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Letters to the Editor

Sept. 11, 2013


Cub Scouts thank community

To the editor:

Molalla Cub Scout Pack 257 would like to thank the community and volunteers that support the boys, especially during fundraisers and activities. A special thinks to the Robert Helmig family, Bill and Deb Hood, Carol and Lori Girrens and Patrick Doody for all the years of service to the boys of Molalla.

As the summer ends, Pack 257 is ramping up for another fun and exciting year. As a kickoff, Molalla Pack 257 and Mulino Pack 161 Cub Scouts in conjunction with Troop 257 boy Scouts will hold Scouting in the Park. This free public event, held from 3 to 6 p.m. Sunday, Sept. 15 in the park next to the Molalla Library, will include activities, games and treats.

For more information about scouting, send an email to This email address is being protected from spambots. You need JavaScript enabled to view it..

Angie Houck

Pack 257 Cubmaster, Molalla

Syria: Obama should not act, just to save face

To the editor:

U.S. involvement in the Syrian civil war is a terrible idea for a myriad of reasons and will only seek to hurt the outlook of the United States’ standing around the world.

First, we have little to no support from our allies. Second, we are not sure what will happen if we do act and shoot a ceremonial “shot across the bow” without a specific strategy or plan in place. The United States should not act when we can’t say for certain who was behind the chemical attack on the innocent people of Syria. The President should not act just to save face because of the words he used with his “Red Line” speech in August of 2012. I hope members of Congress seek to seriously examine the ramifications of any actions when there is no good outcome that can be seen for the United States of America.

Kevin Moss

Clackamas County

Thoughts on Freedom

To the editor:

This letter is in honor of the 50 year anniversary of Dr. Martin Luther King Jr.’s March on Washington, for human equality and human rights, on Aug. 28, 1963.

Freedom from anything always comes with a high price, usually paid by those less fortunate. It is my opinion that our nation’s greatest lessons have been taught by one type of person, yet learned by another. If we open our eyes, our arms, our hearts and our minds to all kinds of people, all kinds of lifestyles, all kinds of religion, then we become not only a more civilized society, but a society that accepts and embraces the inevitable future of America: equality for all human beings.

Let us, at last, all sit at the same table and share the same needs: democracy, freedom and justice. Let us, at last, stand together to fight for the same cause, for there can only be one cause: freedom from social, racial and economic interferences and injustices. Let us, at last, readily shine the light on our corrupt court systems that illegally succeed where they should legally fail, due to a judicial system entitled to all but not equal to all’s comprehension. Let us, at last, extend out-stretched hands, not clenched fists, to all those in need, not just when it is convenient and popular, but especially when it is challenging and controversial. Let us, at last, achieve greatness, teach humbleness, inspire miracles, unite sisters and brothers and commit ourselves to be followers of what is right, not leaders of what is wrong. Let us, at last, in every community, in every state across this magnificent land we proudly call the United States of America actually be united and meet together, live together and dream together, so that one day we will, at last, be the land of the free.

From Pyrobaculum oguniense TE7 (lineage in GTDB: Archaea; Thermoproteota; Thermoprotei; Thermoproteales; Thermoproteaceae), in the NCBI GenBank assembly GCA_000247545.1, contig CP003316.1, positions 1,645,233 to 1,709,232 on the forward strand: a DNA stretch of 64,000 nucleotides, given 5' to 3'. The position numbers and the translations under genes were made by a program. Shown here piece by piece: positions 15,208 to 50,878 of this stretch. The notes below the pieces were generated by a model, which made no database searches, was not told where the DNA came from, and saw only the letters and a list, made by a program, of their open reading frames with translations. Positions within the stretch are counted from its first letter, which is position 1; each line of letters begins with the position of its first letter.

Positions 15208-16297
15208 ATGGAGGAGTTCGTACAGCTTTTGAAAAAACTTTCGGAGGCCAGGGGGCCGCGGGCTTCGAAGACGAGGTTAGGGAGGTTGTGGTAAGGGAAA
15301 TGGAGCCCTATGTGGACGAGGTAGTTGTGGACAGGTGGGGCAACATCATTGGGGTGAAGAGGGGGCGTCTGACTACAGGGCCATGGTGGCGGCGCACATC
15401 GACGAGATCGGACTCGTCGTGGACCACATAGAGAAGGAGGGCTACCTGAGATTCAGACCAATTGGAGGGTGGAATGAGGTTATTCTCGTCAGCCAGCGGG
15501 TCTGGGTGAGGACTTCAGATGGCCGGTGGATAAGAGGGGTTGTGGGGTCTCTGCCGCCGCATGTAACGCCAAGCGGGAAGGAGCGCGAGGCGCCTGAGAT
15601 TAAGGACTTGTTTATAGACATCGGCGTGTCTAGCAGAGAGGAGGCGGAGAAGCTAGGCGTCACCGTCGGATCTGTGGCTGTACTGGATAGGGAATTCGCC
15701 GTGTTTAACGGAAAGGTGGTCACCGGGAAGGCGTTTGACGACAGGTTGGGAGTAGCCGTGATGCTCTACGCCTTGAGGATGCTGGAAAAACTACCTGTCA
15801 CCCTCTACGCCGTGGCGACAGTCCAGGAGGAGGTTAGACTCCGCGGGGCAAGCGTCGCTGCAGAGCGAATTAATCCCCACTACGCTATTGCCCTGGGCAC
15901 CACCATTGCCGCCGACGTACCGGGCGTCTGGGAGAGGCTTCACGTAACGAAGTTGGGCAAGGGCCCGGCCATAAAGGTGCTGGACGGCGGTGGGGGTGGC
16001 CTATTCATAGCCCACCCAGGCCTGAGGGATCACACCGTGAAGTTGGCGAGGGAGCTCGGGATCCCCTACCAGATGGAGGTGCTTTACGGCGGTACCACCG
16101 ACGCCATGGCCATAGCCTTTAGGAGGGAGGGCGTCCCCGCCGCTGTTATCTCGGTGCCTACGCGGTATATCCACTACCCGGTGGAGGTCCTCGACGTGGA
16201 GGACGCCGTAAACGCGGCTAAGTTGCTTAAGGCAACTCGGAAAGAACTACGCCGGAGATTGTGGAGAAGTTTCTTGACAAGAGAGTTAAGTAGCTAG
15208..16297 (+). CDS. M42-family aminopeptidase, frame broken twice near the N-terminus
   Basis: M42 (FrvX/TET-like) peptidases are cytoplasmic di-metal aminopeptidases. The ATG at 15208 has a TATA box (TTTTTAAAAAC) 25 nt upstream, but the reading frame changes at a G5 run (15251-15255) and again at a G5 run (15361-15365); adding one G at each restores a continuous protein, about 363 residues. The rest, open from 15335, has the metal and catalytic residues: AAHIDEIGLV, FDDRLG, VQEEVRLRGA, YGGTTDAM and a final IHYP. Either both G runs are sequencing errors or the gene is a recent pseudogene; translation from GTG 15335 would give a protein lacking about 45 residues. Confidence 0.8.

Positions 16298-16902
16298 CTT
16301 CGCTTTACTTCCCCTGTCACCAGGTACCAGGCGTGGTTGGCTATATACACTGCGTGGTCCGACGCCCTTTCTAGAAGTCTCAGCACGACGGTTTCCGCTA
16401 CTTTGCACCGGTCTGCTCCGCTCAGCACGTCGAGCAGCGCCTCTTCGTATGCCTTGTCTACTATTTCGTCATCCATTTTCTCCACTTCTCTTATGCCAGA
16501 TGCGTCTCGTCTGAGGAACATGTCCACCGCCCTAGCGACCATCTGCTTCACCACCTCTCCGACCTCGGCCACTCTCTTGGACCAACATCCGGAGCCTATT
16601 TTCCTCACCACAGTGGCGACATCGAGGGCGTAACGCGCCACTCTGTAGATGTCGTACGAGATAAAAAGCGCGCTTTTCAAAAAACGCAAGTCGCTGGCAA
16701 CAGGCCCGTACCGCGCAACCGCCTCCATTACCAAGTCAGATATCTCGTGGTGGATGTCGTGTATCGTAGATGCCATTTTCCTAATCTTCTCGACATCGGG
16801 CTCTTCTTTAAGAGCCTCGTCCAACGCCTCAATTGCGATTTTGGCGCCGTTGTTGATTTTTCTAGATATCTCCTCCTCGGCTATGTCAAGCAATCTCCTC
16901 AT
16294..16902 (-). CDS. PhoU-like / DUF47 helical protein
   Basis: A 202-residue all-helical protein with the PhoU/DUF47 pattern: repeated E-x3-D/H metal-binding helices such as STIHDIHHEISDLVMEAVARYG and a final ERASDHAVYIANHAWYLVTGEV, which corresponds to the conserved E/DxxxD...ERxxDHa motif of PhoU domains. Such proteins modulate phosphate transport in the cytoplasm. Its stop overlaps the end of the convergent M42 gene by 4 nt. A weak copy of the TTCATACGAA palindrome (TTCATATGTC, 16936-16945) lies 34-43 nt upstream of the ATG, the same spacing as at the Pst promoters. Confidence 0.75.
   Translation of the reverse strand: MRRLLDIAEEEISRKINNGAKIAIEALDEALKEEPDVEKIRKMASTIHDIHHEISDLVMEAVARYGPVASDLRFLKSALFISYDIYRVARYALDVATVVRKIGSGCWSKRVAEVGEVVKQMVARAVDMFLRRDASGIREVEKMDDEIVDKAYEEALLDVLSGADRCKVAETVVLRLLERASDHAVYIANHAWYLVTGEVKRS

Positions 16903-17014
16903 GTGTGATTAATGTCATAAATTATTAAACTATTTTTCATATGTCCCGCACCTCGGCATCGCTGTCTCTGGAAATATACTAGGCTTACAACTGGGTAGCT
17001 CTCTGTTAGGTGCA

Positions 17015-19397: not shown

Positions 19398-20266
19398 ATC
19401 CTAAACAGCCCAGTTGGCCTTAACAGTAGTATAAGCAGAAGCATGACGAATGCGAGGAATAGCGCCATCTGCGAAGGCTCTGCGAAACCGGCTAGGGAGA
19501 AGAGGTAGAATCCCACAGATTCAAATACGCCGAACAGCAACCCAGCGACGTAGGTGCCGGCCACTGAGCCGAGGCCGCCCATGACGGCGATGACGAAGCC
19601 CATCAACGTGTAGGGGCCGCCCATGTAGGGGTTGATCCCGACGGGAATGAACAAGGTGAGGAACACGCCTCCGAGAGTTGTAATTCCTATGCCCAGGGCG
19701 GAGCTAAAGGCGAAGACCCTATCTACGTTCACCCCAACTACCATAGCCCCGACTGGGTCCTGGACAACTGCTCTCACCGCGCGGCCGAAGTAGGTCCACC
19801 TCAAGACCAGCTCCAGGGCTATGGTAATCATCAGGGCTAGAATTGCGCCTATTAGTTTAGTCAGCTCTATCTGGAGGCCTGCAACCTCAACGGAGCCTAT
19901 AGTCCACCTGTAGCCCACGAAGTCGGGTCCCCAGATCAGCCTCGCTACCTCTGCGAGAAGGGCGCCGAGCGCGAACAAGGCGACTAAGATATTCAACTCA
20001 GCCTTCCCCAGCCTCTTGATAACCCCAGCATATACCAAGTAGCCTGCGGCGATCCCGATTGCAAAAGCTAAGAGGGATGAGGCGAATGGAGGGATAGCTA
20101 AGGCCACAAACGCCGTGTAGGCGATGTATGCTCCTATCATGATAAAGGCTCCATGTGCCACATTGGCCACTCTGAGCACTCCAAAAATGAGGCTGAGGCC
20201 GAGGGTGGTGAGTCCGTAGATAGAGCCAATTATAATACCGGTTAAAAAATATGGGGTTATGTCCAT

Tomorrow is today.

Julie A. Larsen

Molalla

Reader likes the way Woodburn Pediatric Clinic treats patients

To the editor:

I just recently transferred my daughter's medical care to Woodburn Pediatric Clinic. I am very impressed with the staff's customer service. They have not only been courteous and referred us promptly to CDRC Autism Clinic but did not charge us for milestone and asthma questionnaires (typically these are documents are free in the general medical community). Woodburn Pediatric Clinic and JoAnne Neilsen MD both do not charge for these two forms.

I was charged $28 by Wilamette Falls Pediatric Group for these two same assessment forms, which are used to help the physician diagnose a suspected disability or delay (i.e. autism) at a yearly check-up.

I have complained to the office four times (twice by phone and twice by fax) and have requested that the $28 charge be forgiven. I have only had one return phone call and that person said she would get back to me and did not. I have been waiting eight weeks for the medical director to return my phone call.

It is so refreshing to work with a medical clinic that cares more about patients and less about profit. Patients are the only reason a practice exists.

Nicely done, WPC staff! Thank you.

Deb Stewart

Molalla

Cities need to make rates more expensive for high water users

To the editor:

Indeed, man may be warming and drying out cities and countryside all over the world, not by excessive CO2, but by not feeding the water cycle. Swamp cooling works on a wide scale as well as indoors.

In recent years, cities have started to meter water and charge more for tiers of higher use, effectively making it too expensive for many people to water their properties like they used to. We get that much less cooling from irrigation, and that much less water put into the air to feed our summer thundershowers. Thus we have more dry thunderstorms than wet ones, and fires in our forests.

Garden Grants Pass has started a petition on Change.org to change the water rate structure to encourage irrigation rather than otherwise in our river city: http://www.change.org/petitions/grants-pass-city-council-change-our-water-rate-structure-to-encourage-irrigation.

Rycke Brown

Grants Pass



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